In addition, Revel was implemented in the course to ensure students were reading the assigned material prior to class. Fall 2015 students were asked to complete pre- and post-course surveys to share their feedback on how REVEL impacted their learning. On the pre-course survey (91 percent response rate), 23 percent of students responded very often or often to the item: During the past semester, how often have you attended class without having read the textbook. Following the use of Revel in the course, 11 percent of students reported attending class without having read the Revel assignment often or very often (77 percent response rate).

Student pre and post course survey responses for attending class without reading

Figure 3. Student pre and post course survey responses for attending class without reading, Fall 2015 Pre Course Survey (n=156), Post Course Survey (n=132)

The Student Experience

In Fall 2015, 77 percent of students enrolled in History 1302 completed a voluntary, end-of-semester survey providing valuable insight on their experience using Revel in the course.

  • 93 percent of respondents reported completing Revel quizzes and assignments often or very often
  • 92 percent of respondents reported using what they learned from Revel assignments to complete a writing assignment very often, often, or sometimes.
  • 84 percent of respondents reported that they were confident or very confident in their ability to think critically and analytically after using Revel.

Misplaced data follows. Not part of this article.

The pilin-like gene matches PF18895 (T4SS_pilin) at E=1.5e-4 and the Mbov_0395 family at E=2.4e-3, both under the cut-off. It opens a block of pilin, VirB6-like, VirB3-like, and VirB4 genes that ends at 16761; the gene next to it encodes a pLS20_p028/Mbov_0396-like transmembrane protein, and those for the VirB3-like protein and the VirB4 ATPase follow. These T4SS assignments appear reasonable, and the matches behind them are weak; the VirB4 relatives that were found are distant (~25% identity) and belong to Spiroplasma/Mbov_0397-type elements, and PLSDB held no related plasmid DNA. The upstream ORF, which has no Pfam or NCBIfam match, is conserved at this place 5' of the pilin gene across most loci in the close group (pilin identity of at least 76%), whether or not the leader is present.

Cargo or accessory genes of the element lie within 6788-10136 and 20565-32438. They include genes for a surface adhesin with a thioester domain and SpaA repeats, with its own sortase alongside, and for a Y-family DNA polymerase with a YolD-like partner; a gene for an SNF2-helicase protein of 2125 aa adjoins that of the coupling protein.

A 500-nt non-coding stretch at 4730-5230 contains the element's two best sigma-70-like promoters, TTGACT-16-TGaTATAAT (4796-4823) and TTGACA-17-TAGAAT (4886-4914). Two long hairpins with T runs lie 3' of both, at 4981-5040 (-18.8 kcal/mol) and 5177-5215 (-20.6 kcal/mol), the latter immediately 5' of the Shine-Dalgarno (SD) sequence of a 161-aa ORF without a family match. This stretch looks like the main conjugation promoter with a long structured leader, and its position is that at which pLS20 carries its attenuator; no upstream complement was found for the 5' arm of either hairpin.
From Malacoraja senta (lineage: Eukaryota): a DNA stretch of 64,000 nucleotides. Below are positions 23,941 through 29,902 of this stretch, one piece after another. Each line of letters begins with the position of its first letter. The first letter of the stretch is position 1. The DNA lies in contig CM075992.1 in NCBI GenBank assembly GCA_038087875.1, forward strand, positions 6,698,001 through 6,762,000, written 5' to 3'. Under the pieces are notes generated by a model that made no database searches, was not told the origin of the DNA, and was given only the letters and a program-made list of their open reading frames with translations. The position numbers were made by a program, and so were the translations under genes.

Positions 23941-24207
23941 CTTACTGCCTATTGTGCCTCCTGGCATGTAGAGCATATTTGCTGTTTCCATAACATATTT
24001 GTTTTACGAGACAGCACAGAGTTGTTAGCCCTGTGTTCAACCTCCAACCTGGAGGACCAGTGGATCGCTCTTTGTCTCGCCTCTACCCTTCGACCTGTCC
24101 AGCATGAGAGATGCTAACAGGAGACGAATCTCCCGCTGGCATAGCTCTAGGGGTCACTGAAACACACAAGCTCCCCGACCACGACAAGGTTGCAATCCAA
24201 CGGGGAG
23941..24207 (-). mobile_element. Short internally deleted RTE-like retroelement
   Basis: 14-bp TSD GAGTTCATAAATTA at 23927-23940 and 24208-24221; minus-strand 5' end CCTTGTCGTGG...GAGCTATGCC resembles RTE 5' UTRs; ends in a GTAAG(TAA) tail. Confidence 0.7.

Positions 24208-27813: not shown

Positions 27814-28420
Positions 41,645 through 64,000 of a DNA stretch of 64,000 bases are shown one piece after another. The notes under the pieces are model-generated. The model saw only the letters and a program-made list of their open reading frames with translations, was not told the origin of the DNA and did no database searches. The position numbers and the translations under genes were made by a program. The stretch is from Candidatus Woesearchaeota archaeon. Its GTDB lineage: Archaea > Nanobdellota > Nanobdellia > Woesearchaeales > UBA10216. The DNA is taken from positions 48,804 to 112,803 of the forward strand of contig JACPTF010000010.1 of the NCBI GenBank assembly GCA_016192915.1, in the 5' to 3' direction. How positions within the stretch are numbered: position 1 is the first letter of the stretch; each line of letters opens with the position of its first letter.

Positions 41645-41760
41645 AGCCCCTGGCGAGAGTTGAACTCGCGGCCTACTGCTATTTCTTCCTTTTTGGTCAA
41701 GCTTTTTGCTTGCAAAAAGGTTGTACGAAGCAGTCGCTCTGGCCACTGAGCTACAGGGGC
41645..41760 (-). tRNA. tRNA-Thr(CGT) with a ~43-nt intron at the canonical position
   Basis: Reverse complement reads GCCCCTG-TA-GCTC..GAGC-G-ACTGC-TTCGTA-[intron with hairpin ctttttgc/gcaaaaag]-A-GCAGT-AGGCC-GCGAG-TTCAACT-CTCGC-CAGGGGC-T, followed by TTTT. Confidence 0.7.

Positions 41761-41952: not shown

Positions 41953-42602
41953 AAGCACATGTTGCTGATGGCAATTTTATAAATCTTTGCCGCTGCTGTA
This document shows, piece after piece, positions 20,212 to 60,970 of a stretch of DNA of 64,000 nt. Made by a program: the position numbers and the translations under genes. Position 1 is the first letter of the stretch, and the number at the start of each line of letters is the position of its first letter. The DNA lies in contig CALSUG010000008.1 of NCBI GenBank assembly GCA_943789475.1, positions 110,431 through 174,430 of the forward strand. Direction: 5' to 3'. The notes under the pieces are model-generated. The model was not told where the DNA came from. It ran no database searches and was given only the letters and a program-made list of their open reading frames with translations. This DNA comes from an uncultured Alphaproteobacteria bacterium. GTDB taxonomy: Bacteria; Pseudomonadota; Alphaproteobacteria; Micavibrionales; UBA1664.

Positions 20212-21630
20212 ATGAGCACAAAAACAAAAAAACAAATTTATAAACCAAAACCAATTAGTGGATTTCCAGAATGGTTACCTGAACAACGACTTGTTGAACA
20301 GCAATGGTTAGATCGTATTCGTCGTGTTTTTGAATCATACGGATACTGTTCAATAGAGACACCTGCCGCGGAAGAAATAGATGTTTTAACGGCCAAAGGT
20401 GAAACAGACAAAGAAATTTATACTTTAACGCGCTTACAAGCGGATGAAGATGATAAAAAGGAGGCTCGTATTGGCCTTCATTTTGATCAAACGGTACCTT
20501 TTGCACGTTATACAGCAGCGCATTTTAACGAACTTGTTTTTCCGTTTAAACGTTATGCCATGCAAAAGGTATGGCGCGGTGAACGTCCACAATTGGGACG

• 72 percent of respondents reported that they were confident or very confident to speak clearly and effectively during class.
  • 81 percent percent of respondents reported that they were confident or very confident to learn effectively on their own.

Student survey comments regarding their Revel experience:

  • “I liked using Revel way better than using the actual book because it narrows down the amount of pages and targets exactly what I need to learn.”
  • Revel has shorter chapters, that make it easier for students to understand.”
  • “I think it’s a lot better than spending more on a book. When you are trying to multitask it reads it to you which also is very beneficial for us students.”
  • “I found it much easier than reading a textbook.”
  • “It was awesome!”
  • “Revel impacted my learning by having me think critically.”
  • “Revel has taken the information required to learn for this course and put it into a more simplistic form, easier for college students to learn. ”
  • “I was able to learn on my own time and able to understand things more clearly when a video was followed by some reading.”

Conclusion

Clark chose to implement Revel in History 1302 with the goal of increasing course success and retention rates. He also aimed to increase the number of students coming to class having read the material and prepared for discussion. Finally, he hoped to improve students’ critical thinking skills. Clark’s initial analysis of course success and retention rates showed significant improvement in both metrics. Course success and retention rates continued to improve after slight course modifications and remain stable after seven semesters of Revel use. Clark is able to use the Performance Dashboard to monitor student reading and ensure students are coming to class prepared. In addition, a 12 percent decrease in students who reported attending class without having read the material was found on Fall 2015 pre- and post-course surveys. Clark has also observed improved critical thinking and discussion from his students, with 84 percent of student respondents on the Fall 2015 post-course survey reporting being confident or very confident in their ability to think critically and analytically after using Revel. Clark continues to use Revel in his courses and plans to make adjustments as necessary moving forward in order to ensure continued success.